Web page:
As critical as I have been on President Obama for too many misguided efforts in micromanaging America’s worst environmental disaster, on the $20 billion + escrow account, he hit a home run or in terms of his favorite sport, a game-winning three-point basket from half court.
Using the full powers of the federal government, Obama without a legal leg to stand on, bullied the giant energy company into compliance to meet most of our desires.
The “Show Me The Money” account will be administered by Kenneth Feinberg, the mediator who oversaw the 9/11 victims compensation funds.
The fund is important for it squelches speculation that BP is bleeding catastrophically as a result of the April 20 explosion that killed 11 crew, dumped as much as 60,000 barrels of crude per day into the Gulf of Mexico and reached a credibility of -5,000 feet trying ineptly to plug the hole.
The fund will be padded over the years since no company, including BP which is the fourth most profitable in the world, has that much cash on hand for a one-stop deposit at a drive-by window.
White House officials said BP also agreed to add more to the $20 billion down payment if needed..
BP did put its foot down and refused to pay compensation for lost wages of other oil companies whose deep water wells were shut down until at least December by a moratorium Obama slapped on the Gulf operators last month.
A major complaint among fishermen and businessmen in the Gulf states was that BP was slow in processing its claims, usually dispersed in $5,000 increments.
A smaller faction among those effected were the small business owners who had licenses but were paid in cash and lacked IRS returns to prove their income losses.
It now rests with Feinberg to streamline and accelerate the claim process. Lots of luck, fella.
I was slightly concerned that BP might turn corporate enemy No. 1 by filing Chapter 11 bankruptcy to protect its North American subsidiary assets.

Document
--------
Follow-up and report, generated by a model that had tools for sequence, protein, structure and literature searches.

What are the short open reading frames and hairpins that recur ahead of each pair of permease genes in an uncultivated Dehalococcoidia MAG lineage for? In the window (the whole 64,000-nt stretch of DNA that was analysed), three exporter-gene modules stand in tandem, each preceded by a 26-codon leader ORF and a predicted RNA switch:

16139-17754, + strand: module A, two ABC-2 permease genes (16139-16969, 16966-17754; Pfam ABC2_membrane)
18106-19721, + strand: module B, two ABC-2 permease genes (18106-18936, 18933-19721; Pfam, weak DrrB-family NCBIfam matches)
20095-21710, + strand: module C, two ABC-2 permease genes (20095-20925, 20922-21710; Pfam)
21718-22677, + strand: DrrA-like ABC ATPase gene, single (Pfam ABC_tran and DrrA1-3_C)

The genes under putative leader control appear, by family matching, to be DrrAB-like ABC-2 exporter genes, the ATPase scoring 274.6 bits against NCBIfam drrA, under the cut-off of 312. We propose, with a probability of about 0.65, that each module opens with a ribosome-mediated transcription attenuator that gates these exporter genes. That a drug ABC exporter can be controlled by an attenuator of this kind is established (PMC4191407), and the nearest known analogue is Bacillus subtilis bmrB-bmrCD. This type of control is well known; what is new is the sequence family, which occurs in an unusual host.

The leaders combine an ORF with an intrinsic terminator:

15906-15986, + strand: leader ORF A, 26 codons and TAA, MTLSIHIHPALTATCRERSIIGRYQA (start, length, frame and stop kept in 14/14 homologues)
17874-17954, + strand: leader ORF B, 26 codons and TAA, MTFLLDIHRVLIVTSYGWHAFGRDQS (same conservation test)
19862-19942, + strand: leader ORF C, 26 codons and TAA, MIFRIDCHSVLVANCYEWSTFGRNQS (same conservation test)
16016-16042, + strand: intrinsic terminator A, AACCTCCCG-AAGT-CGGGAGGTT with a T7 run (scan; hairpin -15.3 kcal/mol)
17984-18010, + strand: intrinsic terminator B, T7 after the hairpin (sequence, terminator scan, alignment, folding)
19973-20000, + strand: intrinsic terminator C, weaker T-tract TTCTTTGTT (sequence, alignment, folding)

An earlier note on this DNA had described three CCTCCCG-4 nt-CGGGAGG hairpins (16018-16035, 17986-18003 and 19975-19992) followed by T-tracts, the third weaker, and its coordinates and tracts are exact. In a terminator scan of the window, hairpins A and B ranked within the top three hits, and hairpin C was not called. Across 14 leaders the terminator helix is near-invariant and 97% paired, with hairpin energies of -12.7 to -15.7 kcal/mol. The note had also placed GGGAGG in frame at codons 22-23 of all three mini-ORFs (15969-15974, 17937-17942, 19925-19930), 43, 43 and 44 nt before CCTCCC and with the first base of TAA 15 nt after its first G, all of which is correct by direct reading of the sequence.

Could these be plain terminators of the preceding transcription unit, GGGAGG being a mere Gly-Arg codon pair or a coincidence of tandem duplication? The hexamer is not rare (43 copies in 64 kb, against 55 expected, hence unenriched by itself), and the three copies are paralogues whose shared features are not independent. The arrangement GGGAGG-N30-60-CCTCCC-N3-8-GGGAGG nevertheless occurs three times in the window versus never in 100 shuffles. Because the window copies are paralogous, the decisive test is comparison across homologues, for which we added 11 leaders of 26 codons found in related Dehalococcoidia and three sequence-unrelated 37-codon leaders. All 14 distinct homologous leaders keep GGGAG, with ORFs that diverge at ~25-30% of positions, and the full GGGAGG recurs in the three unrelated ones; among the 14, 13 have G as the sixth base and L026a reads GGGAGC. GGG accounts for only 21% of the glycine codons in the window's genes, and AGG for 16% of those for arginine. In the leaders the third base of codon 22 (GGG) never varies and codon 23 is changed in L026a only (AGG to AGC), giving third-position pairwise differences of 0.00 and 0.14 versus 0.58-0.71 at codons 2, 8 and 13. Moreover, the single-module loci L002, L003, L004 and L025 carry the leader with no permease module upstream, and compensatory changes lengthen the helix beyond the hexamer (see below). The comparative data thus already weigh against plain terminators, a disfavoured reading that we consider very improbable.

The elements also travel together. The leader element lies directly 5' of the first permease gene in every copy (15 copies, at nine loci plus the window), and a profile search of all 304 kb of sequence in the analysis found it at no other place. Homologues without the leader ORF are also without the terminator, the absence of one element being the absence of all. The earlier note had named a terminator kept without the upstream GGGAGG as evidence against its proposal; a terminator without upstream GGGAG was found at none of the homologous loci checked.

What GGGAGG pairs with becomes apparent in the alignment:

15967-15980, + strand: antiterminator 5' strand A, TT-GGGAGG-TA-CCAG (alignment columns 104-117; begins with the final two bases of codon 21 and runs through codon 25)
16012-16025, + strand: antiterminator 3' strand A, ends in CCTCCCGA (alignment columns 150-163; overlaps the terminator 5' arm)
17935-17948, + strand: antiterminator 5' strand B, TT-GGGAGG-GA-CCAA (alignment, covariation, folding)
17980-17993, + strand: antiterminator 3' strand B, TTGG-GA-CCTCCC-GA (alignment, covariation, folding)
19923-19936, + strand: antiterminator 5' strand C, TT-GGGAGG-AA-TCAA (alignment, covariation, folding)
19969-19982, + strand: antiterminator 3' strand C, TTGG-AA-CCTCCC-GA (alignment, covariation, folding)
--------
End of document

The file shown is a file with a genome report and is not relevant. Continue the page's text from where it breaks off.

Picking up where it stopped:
They include oil wells in the Gulf of Mexico and Prudhoe Bay in Alaska’s North Slope. Its refineries in Texas City, Tex., and Whiting, Ind., are among the five largest in the country.
But as the Brits would say, BP’s “troubles” in the Gulf were mounting daily.
Many investors panicked, dumping the company’s market valuation down by 48% since the spill began, erasing $91 billion in shareholder value. One Swiss credit agency classified as “junk” BPs bond rating.
From Baird Maritime:
Shares trading closed Tuesday at $31.40, down from $60.48 on April 20. Over time, analysts say that a drop in BP’s market value could turn the company into a target for a takeover by Western rivals or even one of Asia’s national oil companies…
But as long as oil sells for $75 bpd or better they should survive.
Both Obama and BP have maintained all along that BP will pay all damages and claims. BP says it has paid $1 billion so far.
It would be smoother sailing legally if two Republicans — blocking a bill increasing retroactively the $75 million liability set in the 1990 Oil Pollution Act to $10 billion or more — would stop acting as a Big Oil mole posing as U.S. senators.
While the president may have gotten what he wanted with bluster, it goes to show the White House is not alone at that game than Democratic congressmen.
They wanted BP to establish a similar escrow before paying its shareholders dividends amounting to $10.5 billion a year.
BP’s board chairman took that a step further. He announced all dividend payments will be suspended for an unspecified time.
The rich kid got his pockets’ picked and damn well (no pun intended) deserved it for being so greedy.
Cross posted on
Posted comments are welcome and automatically go to my email address at [email protected] Remmers’ varied career spans 26 years in the newspaper business. Read a more thorough resume on The Remmers Report.
Jerry Remmers worked 26 years in the newspaper business. His last 23 years was with the Evening Tribune in San Diego where assignments included reporter, assistant city editor, county and politics editor.